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Lecture 7

ENGL208C Lecture 7: Module 7. The Wind in the Willows, Oct 23 2014.docx

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Kathryn Mc Arthur

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ENG 208C
October 23 2014
Module 7 Podcasts
The Wind in the Willows
The Author: Kenneth Graham
Very British book
Transitional works toward modern children’s literature
Published in 1908
Influence of the Author’s Life
Kenneth’s life experiences influenced his writing
Began as a story for his son Alastair, to help calm him after a birthday party
Born in 1859, his mother died when he was 5 years old
His father was unable to cope with Kenneth and his siblings and was an alcoholic
Kenneth’s father sent them to live with their grandmother
She was not a very sympathetic person for a young boy who was very sensitive
Difficult childhood
They were cheap, he desperately wanted to study literature at Oxford but they
wouldn’t send him or help him finance it
He was apprenticed to work in a bank, a job that he dislike and which caused
recurrent health problems for him (and a great sadness)
Began writing in early 1890s
1895 he published his first book: the golden age, his second book was dream
days; both books were about an idealized childhood
oWerent very popular
In 1899, he married, but had an unhappy marriage
Cure for his illness was to be sent to the seaside
Alistair was born in 1900
Began to tell Alastair the stories of toad after his fourth birthday. The stories of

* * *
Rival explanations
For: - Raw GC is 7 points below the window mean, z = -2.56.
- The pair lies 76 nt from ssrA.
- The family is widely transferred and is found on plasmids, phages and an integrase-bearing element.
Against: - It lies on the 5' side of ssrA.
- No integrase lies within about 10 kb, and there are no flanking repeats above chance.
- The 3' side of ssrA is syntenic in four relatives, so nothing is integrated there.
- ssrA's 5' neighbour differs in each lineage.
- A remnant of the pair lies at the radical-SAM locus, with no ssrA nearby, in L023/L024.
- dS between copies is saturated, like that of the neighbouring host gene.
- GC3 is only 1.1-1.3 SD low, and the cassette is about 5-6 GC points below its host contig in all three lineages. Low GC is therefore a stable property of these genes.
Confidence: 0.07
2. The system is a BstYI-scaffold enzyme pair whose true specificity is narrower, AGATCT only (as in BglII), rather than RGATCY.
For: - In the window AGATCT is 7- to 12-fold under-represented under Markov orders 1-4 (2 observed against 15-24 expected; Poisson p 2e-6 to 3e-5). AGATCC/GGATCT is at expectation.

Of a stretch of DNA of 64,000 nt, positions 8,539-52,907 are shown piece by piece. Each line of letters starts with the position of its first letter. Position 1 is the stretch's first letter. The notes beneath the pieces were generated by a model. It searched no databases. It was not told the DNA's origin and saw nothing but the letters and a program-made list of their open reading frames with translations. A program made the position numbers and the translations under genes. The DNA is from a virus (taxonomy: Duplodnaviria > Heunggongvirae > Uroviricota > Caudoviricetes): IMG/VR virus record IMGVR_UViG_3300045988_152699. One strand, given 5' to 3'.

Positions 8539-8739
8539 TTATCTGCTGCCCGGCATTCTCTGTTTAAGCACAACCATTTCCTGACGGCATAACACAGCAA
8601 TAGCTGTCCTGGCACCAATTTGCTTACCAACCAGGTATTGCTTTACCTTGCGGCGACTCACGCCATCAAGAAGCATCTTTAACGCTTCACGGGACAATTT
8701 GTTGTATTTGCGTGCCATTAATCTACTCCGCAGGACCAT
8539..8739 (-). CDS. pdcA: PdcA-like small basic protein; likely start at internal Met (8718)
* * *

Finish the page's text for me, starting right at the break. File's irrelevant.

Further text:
mole came later
Alistair was a sickly child, and was almost completely blind
Mole comes to be the real hero of the story, his character is based on Alastair
The World of the Wind in the Willows
The book is very British in many ways because it centers around the animals of
the English hedgerow, animals we do not normally think of when considering
childrens literature
No skunks in Britain
Celebration of the common animals
In Britain they think of animals differently than we do
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Genesis of the Wind in the Willows
The animals are all kindly and genteel, not true to their animal nature
The world of the wind in the willows parallels the human world; “Englishmen in
furry zippered jumpsuits”
Toad is the irresponsible aristocracy
oGets his home back because he is an aristocrat
oHe doesn’t actually deserve the loyalty of all the animals
Badger: he’s been the family retainer for generations
Rat: a poet who gets to hang out with the aristocracy
Mole: he is a lower middle class working guy
oHis home isn’t very nice
Three major places;
oThe wide world
oThe wild wood (possible essay topic: what does the wild wood represent)
Easy vs. Hard to Read
The book might be easy to read because
oGrahame is an excellent writer with fabulous prose
oNot written in dialect and presents a world familiar to us
oThe characters speak in proper English
Book may be difficult because
oIt is a mixture of styles with dense prose in some sections and lighter prose
in others
oGrahame plays with the idea of writing by trying on different voices and
styles within the same book, from the densely lyrical and poetic to the
mock heroic in the toad adventures
oSo many layers and literary voices
Toad adventures Chapters 2, 6, 8, 10-12 (Toad-iad)
oWritten to entertain his son
oTries on the voice of the mock epic
oTrue epic is huge in scope and elevated in language, like the Odyssey and
the Iliad, and usually follows a larger than life hero (epic as huge)
oThe mock epic takes the epic conventions and uses them in a satirical or
funny way
o12 chapters: epics normally have 12 books
Mole story: chapters 1, 3-5, 7, and 9 (the Mole-iad)
oIts mole who becomes a hero in the end, restoring toad to toad hall
oThe mole and toad story come together
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